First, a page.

The Appeal of the PRC’s Media Exchanges 

While state-funded media exchanges between African journalists and Western democracies are declining, the PRC is growing its outreach to African media professionals. In fact, the PRC’s funded media exchanges are one of the most expansive and lucrative state-funded capacity-building opportunities for African journalists. For instance, the 2019 cohort of a ten-month journalism fellowship program in China comprised 34 African journalists drawn from across the continent. This fellowship is only one of the many forms of media exchanges the PRC uses to exert influence over African media professionals.   

Furthermore, African journalists who are invited to attend media fellowships in China face few—if any—administrative hurdles in acquiring visas; and once they are invited to the country by an organ of the PRC government, the likelihood that they will be granted entry is high. Thus, the program enjoys wide acceptance among journalists in Africa. Shorter term CCP-organized trips for African journalists to visit Beijing have only further increased the program’s broad support in Africa—and in turn, more favorable views of China on the continent. 

Africa Media Vulnerability and Opportunities for Resilience 

One of the overarching advantages of the PRC’s expansive engagement in Africa is that it superficially benefits two critical elements of the continent’s media ecosystem: local media organizations and journalists. On the one hand, it provides some financial support for local media and affords African journalists opportunities for career advancement and connections to Chinese society that is closed to most foreign journalists. If the CCP maintains its suite of opportunities for African media professionals and outlets, it will likely attract more media organizations from across the continent into the BRNN and other formal mechanisms.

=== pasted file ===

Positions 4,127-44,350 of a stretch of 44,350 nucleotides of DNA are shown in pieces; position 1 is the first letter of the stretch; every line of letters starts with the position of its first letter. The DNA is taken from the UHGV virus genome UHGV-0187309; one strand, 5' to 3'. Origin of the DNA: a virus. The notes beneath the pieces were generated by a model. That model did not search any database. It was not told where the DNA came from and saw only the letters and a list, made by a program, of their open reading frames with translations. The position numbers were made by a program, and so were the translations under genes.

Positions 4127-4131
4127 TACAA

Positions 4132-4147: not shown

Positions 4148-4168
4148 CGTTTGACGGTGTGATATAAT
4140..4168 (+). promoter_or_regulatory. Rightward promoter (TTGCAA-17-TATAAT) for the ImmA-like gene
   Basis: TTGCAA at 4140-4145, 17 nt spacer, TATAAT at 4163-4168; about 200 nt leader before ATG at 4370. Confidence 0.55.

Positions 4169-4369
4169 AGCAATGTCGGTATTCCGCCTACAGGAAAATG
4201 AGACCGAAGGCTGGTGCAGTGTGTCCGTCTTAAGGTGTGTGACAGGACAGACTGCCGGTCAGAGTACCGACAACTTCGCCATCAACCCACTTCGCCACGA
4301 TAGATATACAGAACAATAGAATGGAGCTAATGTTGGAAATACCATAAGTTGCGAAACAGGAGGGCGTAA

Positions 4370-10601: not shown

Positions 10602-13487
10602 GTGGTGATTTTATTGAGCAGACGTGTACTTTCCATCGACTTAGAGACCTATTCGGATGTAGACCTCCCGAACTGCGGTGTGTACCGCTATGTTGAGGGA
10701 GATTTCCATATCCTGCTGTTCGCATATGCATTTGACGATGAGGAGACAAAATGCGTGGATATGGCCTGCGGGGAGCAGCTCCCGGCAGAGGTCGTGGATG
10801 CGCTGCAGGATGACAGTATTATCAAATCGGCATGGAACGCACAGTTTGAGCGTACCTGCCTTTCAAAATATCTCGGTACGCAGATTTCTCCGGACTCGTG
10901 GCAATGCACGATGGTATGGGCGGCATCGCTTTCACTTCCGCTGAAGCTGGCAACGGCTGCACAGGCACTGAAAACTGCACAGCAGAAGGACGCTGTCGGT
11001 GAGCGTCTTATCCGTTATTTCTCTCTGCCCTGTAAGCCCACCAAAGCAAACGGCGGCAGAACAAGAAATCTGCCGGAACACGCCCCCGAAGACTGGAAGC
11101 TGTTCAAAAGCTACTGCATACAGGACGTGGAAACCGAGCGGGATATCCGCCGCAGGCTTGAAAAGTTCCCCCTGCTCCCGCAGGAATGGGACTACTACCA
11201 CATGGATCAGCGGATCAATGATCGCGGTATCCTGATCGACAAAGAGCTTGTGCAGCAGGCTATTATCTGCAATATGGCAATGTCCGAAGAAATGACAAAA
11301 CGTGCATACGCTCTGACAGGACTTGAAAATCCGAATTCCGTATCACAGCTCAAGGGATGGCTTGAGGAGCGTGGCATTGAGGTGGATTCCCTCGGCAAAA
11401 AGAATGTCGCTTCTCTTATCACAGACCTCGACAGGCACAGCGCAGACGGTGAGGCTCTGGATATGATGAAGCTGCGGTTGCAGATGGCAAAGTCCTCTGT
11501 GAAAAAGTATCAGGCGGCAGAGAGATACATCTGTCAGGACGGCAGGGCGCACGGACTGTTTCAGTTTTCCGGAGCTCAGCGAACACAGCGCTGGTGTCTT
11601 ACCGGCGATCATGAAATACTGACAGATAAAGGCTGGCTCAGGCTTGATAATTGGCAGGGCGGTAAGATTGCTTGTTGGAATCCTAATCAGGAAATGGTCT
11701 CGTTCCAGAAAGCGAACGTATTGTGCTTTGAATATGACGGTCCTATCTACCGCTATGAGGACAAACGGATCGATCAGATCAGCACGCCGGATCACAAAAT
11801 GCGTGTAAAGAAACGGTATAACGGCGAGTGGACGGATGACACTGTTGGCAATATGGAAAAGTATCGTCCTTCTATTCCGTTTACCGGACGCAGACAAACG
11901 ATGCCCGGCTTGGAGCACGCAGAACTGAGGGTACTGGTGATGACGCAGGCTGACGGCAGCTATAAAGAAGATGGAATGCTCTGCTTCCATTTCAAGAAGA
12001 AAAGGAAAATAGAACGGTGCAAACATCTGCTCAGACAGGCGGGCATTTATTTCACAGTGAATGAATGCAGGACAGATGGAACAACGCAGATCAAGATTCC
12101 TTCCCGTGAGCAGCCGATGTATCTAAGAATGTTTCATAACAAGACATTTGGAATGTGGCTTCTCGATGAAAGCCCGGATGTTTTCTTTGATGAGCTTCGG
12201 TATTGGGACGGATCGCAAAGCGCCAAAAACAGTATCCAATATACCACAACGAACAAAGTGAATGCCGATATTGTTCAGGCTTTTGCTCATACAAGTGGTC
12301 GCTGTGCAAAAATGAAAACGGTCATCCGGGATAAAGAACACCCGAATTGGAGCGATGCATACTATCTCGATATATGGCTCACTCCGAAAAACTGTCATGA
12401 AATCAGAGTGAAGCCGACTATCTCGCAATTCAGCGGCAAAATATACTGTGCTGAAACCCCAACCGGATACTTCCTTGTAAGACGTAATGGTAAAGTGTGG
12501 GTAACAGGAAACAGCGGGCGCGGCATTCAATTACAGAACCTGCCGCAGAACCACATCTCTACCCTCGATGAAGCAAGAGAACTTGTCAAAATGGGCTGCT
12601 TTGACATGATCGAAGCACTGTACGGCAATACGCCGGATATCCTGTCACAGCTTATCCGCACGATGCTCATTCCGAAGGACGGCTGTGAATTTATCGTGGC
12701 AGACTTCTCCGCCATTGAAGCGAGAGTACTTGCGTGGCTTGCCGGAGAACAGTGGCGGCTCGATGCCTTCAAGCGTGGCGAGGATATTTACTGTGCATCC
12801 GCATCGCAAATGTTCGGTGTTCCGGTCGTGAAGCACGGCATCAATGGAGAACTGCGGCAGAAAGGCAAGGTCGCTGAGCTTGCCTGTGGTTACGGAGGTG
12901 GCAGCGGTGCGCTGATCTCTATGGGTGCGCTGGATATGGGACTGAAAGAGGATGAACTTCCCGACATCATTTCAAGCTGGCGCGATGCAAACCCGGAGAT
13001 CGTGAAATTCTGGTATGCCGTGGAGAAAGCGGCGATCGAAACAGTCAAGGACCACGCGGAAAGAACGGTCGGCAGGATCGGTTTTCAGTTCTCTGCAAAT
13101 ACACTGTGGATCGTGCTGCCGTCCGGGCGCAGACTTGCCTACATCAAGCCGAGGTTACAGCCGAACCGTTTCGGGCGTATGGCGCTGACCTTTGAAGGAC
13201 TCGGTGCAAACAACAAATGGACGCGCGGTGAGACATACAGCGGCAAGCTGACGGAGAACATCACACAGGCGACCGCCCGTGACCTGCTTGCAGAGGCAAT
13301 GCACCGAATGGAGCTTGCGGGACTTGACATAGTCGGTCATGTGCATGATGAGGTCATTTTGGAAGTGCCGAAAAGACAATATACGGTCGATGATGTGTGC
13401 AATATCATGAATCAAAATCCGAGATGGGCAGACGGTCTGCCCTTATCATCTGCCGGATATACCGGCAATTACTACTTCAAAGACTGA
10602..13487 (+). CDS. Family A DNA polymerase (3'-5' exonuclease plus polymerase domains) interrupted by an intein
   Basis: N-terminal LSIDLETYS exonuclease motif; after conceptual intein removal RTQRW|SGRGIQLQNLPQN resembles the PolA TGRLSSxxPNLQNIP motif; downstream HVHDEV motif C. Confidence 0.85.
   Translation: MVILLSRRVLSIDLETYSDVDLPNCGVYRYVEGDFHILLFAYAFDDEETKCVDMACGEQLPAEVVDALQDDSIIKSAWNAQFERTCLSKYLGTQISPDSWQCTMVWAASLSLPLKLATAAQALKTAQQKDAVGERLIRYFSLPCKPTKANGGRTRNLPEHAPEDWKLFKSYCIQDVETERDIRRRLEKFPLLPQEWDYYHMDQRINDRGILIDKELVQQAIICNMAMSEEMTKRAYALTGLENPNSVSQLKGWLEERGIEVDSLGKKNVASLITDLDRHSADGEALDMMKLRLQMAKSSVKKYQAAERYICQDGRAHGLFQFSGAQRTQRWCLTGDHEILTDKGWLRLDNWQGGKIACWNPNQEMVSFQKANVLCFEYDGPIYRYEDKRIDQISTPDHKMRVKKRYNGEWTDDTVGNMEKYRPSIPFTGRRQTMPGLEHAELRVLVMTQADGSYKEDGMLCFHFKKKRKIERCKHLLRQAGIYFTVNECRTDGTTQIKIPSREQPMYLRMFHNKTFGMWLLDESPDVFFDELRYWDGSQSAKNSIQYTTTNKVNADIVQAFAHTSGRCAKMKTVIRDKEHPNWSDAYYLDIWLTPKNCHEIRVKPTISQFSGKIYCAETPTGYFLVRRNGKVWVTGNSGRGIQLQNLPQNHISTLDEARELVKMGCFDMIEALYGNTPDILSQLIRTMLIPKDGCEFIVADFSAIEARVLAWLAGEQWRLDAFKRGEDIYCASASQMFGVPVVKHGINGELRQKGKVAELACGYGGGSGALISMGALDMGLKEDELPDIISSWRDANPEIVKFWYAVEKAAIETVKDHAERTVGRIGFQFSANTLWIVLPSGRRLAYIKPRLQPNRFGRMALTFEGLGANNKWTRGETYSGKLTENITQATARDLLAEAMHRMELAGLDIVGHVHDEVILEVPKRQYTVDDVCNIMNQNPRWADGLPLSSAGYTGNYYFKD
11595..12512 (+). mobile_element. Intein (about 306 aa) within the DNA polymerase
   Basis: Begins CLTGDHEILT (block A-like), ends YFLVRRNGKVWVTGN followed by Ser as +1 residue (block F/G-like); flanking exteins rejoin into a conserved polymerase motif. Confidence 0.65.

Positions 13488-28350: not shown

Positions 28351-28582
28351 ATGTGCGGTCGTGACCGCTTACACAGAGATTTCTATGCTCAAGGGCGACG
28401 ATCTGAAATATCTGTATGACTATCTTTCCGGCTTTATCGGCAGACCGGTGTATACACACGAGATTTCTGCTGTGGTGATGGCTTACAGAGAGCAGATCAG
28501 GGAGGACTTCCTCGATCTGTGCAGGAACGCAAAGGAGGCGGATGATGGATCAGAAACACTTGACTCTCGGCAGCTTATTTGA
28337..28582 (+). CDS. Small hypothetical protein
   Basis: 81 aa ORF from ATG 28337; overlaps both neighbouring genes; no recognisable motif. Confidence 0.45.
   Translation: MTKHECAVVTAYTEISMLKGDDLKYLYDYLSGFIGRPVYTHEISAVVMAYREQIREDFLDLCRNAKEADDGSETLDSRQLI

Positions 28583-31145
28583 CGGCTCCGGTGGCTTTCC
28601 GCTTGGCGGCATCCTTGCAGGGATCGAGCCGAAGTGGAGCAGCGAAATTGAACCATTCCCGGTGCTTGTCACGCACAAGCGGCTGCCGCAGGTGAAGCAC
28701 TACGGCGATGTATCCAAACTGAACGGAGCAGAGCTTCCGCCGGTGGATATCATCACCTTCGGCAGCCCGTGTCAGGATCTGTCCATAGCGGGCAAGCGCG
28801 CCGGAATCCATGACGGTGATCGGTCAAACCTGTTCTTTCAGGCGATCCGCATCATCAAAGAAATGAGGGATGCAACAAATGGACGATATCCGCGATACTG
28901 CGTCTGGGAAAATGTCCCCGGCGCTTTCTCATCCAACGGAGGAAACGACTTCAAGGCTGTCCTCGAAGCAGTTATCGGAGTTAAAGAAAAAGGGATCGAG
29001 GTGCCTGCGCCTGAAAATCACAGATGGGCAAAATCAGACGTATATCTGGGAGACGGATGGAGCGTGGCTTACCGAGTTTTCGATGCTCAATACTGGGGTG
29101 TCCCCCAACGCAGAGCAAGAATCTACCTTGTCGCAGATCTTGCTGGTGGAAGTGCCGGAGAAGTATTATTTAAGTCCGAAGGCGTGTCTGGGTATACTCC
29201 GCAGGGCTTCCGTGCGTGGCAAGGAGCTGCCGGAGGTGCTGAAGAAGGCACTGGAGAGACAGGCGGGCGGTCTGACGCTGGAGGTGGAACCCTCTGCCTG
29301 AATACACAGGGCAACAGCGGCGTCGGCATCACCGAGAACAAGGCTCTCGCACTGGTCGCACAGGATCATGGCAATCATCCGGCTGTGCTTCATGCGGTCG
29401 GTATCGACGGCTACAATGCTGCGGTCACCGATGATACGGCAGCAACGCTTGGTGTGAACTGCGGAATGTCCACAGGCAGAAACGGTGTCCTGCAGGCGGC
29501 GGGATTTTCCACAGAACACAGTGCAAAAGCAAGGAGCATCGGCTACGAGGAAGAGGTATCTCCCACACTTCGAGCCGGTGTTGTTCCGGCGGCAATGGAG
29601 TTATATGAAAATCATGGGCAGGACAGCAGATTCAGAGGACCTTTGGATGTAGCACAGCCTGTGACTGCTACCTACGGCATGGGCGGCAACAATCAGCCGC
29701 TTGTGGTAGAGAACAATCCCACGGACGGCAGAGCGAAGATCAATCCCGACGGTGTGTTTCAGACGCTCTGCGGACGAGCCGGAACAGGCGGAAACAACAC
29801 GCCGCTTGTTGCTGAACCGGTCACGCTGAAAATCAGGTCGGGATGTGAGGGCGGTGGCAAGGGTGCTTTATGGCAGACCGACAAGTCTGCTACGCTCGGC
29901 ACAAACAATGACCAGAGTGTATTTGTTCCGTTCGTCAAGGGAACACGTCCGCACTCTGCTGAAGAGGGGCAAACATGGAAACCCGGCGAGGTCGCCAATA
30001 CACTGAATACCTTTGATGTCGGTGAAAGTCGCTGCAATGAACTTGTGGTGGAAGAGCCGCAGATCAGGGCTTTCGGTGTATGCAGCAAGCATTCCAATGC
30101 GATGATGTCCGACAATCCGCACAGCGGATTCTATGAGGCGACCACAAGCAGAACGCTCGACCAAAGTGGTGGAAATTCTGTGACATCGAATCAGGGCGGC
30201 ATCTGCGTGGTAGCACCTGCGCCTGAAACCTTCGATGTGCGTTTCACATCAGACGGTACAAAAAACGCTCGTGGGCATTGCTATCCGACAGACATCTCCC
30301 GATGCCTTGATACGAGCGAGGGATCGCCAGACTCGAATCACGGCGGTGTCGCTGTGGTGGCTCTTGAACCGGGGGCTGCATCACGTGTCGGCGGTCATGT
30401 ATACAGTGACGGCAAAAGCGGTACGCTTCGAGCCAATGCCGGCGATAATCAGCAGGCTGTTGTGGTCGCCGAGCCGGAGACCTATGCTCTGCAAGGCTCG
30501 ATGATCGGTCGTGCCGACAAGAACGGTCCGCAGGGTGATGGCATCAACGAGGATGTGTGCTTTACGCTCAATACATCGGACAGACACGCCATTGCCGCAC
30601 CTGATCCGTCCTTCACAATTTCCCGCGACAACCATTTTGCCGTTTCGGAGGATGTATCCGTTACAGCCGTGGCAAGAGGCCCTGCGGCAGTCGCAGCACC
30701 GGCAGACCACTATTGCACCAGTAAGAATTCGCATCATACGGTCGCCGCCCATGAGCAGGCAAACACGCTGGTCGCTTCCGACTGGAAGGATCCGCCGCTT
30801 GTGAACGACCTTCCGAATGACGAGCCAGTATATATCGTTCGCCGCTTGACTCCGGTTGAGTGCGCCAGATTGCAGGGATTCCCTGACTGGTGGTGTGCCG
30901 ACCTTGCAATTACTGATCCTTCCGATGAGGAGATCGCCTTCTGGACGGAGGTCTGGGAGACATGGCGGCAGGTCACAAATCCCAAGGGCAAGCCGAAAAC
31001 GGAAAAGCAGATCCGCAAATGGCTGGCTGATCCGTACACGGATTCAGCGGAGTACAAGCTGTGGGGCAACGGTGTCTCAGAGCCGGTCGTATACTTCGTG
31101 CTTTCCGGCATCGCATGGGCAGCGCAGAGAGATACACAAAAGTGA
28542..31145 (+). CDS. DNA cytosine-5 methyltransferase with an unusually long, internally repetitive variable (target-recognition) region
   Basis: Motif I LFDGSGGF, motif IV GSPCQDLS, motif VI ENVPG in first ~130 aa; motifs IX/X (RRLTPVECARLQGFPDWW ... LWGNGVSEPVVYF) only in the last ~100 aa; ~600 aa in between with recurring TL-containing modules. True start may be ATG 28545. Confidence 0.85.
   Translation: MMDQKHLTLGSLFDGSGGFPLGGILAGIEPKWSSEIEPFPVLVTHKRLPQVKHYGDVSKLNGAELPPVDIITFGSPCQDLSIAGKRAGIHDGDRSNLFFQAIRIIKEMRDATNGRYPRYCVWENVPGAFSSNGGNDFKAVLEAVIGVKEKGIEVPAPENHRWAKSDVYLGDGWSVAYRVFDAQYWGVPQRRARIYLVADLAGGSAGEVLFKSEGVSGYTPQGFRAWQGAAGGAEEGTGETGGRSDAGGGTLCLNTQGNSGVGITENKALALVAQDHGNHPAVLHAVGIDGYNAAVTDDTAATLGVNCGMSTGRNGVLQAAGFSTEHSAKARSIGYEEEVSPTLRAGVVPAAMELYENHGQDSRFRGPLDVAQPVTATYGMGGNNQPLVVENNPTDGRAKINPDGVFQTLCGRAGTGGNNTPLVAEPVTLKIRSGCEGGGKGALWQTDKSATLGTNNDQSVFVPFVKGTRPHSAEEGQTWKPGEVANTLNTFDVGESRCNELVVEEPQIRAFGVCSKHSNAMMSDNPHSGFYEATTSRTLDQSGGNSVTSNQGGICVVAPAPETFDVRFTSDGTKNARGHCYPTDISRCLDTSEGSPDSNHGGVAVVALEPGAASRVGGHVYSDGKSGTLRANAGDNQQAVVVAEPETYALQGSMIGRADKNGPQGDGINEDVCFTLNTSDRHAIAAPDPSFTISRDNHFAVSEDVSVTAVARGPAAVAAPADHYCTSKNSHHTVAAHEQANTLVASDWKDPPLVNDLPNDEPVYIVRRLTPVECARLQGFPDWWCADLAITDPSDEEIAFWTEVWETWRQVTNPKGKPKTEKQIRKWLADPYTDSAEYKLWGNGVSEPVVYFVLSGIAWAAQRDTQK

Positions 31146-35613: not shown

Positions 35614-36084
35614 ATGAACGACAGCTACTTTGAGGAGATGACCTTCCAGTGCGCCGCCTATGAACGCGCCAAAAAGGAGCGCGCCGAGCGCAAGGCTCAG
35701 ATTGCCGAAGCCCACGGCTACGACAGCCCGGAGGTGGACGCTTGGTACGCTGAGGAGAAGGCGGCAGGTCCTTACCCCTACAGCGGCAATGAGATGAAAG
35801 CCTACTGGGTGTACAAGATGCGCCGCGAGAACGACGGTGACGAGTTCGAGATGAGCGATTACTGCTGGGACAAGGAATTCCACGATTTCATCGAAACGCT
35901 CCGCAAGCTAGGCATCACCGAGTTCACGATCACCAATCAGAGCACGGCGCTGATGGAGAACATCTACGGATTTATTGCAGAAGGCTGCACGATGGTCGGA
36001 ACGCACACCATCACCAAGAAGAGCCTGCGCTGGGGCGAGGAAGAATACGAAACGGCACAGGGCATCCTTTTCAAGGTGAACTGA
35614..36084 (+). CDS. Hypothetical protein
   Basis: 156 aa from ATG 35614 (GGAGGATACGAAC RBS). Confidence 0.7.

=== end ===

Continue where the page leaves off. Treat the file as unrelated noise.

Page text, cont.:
Yet, the continuation of these exchanges leaves local African media organizations vulnerable to undue influence from Beijing’s preferred narratives. It leaves African journalists and their services available to the highest bidder—in this case, an authoritarian power bent on a highly controlled and propagandistic media ecosystem. As a consequence, independent media and public accountability in Africa are at risk.